Monday, July 8, 2013

2. You can't teach someone to write.

Sure you can.  This is something I’ve heard eminent writers say, and there is some truth to it.  You can’t teach talent.  You can’t teach someone to write Molly Bloom’s soliloquy at the end of Ulysses or Rick Blaine’s explanation for why he came to Casablanca (he was misinformed).  But writing is also a craft, and you can teach a craft.   People can learn to write better than they do.      
                Most of us need to.    I was once on a panel with Robert Crais, when I said I thought I was learning to write from one book to another.  Crais objected, presumably to the idea that my any of my books might less than perfect when I allowed it to be published.  But what was the alternative?  That my last books – even his – weren’t better than the books before them?
                If you aren’t learning from the corrections and emendations of your editor, if you’ve got one, you’re wasting a valuable resource.   The suggestions of your writer friends, the questions of sympathetic readers, even the caustic comments of jealous rivals can help improve your prose.  You don’t have to incorporate anybody’s half-baked ideas for improving your work, but you ought to ask yourself, “What are they trying to fix?  What’s the problem these suggestions are trying to address?”  When you hear the same doubt more than once, your text could be clarified.  So figure out a way to improve it.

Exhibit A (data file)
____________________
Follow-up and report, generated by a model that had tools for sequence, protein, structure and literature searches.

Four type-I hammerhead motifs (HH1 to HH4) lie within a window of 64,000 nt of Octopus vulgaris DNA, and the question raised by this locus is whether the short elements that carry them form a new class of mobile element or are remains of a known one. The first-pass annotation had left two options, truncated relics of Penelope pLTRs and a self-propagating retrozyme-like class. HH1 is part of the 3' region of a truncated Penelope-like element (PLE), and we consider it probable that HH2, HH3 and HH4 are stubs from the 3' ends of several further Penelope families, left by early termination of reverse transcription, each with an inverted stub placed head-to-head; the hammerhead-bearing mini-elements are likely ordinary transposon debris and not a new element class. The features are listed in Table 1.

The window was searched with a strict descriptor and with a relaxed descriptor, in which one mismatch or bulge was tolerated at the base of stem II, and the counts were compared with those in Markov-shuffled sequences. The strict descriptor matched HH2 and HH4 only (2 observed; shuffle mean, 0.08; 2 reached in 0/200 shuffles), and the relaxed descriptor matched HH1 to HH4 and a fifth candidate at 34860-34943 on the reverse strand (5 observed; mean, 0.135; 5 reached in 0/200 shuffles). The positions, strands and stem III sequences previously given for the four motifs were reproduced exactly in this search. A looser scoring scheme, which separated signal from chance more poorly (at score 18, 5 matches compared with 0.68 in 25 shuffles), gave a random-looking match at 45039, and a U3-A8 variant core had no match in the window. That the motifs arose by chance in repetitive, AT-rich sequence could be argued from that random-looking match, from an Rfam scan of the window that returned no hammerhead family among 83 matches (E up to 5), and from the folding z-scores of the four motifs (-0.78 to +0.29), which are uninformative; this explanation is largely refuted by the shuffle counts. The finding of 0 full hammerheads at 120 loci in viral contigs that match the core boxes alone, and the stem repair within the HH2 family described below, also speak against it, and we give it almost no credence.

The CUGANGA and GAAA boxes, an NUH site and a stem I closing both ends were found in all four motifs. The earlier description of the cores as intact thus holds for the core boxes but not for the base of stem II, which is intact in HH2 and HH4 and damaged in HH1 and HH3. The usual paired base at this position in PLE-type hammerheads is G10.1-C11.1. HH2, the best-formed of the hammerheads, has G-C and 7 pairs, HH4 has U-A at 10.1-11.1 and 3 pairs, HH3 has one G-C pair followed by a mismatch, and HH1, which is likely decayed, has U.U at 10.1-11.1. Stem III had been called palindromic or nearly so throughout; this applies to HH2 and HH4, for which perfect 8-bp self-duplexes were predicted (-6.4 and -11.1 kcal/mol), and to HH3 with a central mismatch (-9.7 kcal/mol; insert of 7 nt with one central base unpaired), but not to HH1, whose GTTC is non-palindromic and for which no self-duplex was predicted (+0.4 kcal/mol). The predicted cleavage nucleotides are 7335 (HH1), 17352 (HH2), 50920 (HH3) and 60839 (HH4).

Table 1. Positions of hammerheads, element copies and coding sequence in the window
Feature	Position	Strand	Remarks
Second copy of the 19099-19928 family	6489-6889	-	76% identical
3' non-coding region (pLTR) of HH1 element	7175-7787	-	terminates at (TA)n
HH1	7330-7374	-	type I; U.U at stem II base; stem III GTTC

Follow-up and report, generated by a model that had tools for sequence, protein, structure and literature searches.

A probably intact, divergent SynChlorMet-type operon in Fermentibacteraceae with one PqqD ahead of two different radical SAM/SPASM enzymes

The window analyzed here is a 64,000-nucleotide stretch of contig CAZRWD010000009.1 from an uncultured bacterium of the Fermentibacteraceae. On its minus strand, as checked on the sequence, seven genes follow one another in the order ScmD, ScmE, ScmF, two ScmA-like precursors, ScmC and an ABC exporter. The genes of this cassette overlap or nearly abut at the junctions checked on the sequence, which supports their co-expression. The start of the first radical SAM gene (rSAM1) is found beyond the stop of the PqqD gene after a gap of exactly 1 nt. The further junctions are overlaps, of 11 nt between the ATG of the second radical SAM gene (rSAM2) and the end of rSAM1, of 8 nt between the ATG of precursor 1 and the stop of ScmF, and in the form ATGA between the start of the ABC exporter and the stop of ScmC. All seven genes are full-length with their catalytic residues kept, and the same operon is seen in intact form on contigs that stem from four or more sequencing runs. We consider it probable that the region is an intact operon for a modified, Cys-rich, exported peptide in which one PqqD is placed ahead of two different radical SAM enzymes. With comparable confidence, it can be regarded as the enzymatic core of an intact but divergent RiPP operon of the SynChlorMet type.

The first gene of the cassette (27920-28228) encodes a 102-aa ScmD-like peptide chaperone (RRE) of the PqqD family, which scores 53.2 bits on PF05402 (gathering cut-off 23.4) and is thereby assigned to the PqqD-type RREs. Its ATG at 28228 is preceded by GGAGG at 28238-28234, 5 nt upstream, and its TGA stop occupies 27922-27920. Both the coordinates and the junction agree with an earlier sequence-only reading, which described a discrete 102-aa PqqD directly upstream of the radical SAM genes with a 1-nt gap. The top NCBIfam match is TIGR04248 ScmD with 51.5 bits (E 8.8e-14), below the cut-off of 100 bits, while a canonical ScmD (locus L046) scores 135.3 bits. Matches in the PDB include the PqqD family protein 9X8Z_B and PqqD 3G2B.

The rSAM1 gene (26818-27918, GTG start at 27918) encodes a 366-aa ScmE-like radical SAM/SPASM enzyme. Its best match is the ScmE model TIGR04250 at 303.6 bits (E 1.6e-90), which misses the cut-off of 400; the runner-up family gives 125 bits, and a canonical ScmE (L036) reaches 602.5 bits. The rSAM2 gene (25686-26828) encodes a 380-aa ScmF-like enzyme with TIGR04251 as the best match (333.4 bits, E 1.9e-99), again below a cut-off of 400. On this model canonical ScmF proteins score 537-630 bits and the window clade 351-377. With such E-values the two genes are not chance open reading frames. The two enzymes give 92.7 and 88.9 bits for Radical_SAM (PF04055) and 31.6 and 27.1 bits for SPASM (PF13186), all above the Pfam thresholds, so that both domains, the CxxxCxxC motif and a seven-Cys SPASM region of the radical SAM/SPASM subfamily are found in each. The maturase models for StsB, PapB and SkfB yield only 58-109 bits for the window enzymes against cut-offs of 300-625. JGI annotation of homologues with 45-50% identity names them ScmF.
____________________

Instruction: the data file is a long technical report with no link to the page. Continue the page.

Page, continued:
Of course, not all notes are on the mark.  When Michael Curtiz screened Casablanca for Warner Brothers, the studio’s notes included a complaint about the song.  Yes, about that song, “As Time Goes By,” sung by Dooley Wilson as Sam with his piano.  Curtiz was told to replace it.  The problem was that Ingrid Bergman, who played Ilsa Lund, had already cut her hair short for her next role as Maria in the 1943 film of Ernest Hemingway’s book, For Whom the Bell Tolls.    With short hair, she couldn’t reshoot the scene in Rick’s nightclub with Dooley Wilson, so they had to stick with the original.  And we all get to enjoy what may be the best song ever used in a film.
                The key is to learn how to learn from each note.  Sometime the lesson is what to do differently, and sometimes what to stand by.  But that is also a lesson we can learn from our teachers.         

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